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Bird's Blog

Poetry, musings, observations, commentary, rants, confessions...and who knows what else!

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Location: San Francisco Bay Area

Teacher, writer, poet, grandmother, lover, wine-drinker, chocolate eater, beach comber, hiker, traveler, Giants fan, San Franciscan. All work on this blog is copyrighted material.

Saturday, August 29, 2009

Gimme some moola, and I'll reinstate a class ... at least for now

On its face, San Francisco City College‘s solution to reduced course offerings is relatively creative: solicit donations to save classes – for a $6000 donation you can save a course in a designated program (though not a specific class) at City College.
You also will be listed on the college website (and no doubt, your donation should be tax deductible).

But is this anyway to run a community college – a public education system – begging for donations to reinstate courses slashed by budget cuts? What happens next semester? And the semester after? Kudos to City College for effort - and a big stream of green birdshit to the State of California for forcing the college into this situation to begin with. How is it possible that the 8th largest economy in the world cannot adequately fund education? (More on that in a later post.)

Education is in the public interest and should be funded by the public via stable government funding, not by the whim of philanthropists.

Saturday, August 22, 2009

Open Letter to the San Francisco State University Freshman Class of 2009

Dear Freshman Class of 2009:

The other day as I looked out my office window, I saw you scramble out of mini-vans and SUVs that crowded the curb by the dorms. The sidewalk was littered with boxes reinforced with cellophane tape, overstuffed suitcases, and backpacks stuffed with teddy bears and laptops. You looked nervous and excited. Here you are – at the beginning of a new semester at SFSU, a campus with a proud history of diversity and student activism. But I wonder if you know what is happening here and at CSU campuses across the state.

Do you know you have paid 32% more in tuition fees than students from last fall? I’d like to tell you the increase in fees equals an increase in the quality of your education, but I can’t. Course offerings and class sections have been slashed; classroom instruction time has been cut by roughly 20% through a CSU-imposed furlough on faculty.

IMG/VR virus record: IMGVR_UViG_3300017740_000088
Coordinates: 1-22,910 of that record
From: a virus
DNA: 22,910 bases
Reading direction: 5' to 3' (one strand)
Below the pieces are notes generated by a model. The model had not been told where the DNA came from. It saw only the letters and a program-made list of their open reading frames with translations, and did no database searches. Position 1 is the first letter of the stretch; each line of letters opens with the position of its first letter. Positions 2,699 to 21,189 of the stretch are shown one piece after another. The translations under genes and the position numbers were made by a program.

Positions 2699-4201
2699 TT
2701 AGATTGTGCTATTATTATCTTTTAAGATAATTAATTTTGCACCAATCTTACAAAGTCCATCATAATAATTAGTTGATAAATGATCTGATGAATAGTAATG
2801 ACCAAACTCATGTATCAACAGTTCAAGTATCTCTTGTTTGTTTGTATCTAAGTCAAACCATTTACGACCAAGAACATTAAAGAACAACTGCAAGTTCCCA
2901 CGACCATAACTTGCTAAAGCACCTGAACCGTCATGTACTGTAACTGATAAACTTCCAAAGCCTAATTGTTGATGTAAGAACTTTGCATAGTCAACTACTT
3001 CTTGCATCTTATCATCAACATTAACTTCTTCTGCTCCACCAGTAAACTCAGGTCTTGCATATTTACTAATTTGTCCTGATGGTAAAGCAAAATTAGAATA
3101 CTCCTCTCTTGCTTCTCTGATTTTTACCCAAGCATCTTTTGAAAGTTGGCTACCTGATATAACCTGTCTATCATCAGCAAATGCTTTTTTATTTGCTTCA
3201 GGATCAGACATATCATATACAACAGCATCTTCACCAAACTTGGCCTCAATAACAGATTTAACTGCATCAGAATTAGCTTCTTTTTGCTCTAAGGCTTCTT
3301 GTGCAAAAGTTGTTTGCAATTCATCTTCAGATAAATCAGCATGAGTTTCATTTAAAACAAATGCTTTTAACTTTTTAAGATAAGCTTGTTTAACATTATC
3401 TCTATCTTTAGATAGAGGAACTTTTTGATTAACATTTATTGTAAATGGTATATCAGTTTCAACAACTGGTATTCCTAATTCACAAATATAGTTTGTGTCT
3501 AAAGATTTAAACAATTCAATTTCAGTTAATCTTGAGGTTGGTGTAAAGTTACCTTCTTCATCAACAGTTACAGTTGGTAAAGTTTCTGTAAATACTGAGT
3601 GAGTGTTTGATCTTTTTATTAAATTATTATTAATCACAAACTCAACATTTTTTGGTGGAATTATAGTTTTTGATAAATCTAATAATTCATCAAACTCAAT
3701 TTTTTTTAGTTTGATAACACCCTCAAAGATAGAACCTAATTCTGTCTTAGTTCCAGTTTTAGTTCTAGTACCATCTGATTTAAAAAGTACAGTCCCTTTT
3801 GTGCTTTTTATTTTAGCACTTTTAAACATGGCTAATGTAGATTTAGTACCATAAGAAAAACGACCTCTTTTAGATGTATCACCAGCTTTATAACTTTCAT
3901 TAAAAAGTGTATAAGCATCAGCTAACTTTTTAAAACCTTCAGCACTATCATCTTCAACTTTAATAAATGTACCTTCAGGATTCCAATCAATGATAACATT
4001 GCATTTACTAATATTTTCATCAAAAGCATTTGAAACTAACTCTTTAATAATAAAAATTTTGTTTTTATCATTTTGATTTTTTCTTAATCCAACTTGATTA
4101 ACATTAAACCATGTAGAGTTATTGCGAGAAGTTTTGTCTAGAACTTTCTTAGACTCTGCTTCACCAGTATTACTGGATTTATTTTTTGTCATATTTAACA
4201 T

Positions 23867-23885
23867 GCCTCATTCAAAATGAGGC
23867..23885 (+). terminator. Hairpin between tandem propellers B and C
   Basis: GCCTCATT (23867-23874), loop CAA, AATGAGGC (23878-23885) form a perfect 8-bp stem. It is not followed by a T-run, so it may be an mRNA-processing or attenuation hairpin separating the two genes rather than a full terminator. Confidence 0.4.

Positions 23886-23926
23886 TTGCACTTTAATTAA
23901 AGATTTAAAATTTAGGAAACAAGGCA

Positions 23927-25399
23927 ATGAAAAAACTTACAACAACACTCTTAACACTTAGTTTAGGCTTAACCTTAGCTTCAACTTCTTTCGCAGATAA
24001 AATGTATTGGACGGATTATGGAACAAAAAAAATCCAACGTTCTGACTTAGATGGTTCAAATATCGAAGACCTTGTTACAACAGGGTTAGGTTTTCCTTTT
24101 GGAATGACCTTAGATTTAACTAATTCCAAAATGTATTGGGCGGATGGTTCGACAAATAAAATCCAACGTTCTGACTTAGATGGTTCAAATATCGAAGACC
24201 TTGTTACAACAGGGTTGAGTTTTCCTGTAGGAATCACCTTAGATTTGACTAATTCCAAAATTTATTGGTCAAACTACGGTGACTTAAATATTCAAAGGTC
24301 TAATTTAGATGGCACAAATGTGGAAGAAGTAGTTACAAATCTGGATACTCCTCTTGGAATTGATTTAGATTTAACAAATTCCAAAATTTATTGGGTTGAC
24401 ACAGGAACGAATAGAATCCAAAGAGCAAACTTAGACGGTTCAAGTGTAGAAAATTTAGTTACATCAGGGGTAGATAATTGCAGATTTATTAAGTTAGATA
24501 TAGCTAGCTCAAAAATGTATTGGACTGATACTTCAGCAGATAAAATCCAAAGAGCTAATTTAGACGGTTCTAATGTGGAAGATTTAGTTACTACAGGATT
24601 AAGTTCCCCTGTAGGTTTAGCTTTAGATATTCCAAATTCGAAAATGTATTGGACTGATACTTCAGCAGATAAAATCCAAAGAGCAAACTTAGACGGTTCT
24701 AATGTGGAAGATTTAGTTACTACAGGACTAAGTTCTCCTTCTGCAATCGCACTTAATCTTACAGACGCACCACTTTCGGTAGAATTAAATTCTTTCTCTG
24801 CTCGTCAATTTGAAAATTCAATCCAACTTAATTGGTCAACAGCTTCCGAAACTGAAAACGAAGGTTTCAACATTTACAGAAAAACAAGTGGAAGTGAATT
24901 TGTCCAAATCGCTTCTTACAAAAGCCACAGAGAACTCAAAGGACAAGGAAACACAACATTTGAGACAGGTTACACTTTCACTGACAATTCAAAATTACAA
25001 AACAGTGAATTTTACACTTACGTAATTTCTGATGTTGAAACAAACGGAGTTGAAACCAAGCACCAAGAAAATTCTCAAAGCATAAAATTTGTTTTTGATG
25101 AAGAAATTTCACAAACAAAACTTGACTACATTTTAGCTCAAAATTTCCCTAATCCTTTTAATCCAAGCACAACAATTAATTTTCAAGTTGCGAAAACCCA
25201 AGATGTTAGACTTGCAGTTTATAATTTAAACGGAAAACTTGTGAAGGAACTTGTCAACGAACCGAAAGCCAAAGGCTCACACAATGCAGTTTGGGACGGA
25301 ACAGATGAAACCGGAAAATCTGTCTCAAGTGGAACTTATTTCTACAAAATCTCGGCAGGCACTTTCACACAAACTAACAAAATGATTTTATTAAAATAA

Faculty will lose about 9.53% of our pay because of the furlough, but you will lose nine days of instruction. That might not sound too bad – maybe you think you can use those days to sleep in or do your laundry. But in my first-year composition course, those nine days represent one entire essay unit that helps prepare students for the challenge of the next essay, the next semester, the next composition course. With 20% less instruction time, I can’t prepare you as well as I have prepared previous students.

My office hours have also been cut by 13%. Previous students will tell you that meeting with me during office hours made a significant difference in their ability to improve their writing. But with less office hours, I can’t meet with as many of you as want to see me, nor as often.

Although I will do everything I can to mitigate the impact of these cuts, I can’t possibly provide you with the same quality of instruction I provided students last fall. The quality of your education will decline, even as the cost increases.

But the quality of education is not the only issue; access to education also finds itself on the chopping block as well. CSU will turn away 40,000 students over the next few years. Typically, when access is limited, students who come from economically- and educationally-disadvantaged backgrounds lose out. What will become of those students denied a university education? Will your younger siblings be part of that 40,000?

In the past, when the quality of and access to education has been threatened, SFSU students have not sat by idly; they have organized, made history and headlines, demanded and created change. They have not been alone in that effort; faculty has stood with them. We will stand with you again.

But this fight will depend largely on what you choose to do. As students you have more power than you think. And you have more to lose than any other stakeholder in this high-stakes crisis.

My dear freshmen, are you up to this challenge? You have a choice to make: you can meekly duck your heads, scurry off to your classes (if you’re lucky enough to get them) and accept this decline as inevitable. Or you can, in the words of Bob Marley, “get up, stand up, stand up for your rights; get up, stand up and don't give up the fight.” Will you fight for your education? Will you demand a restoration of quality education and open access – for yourselves and for those who come after you.

The choice is yours. What will you do?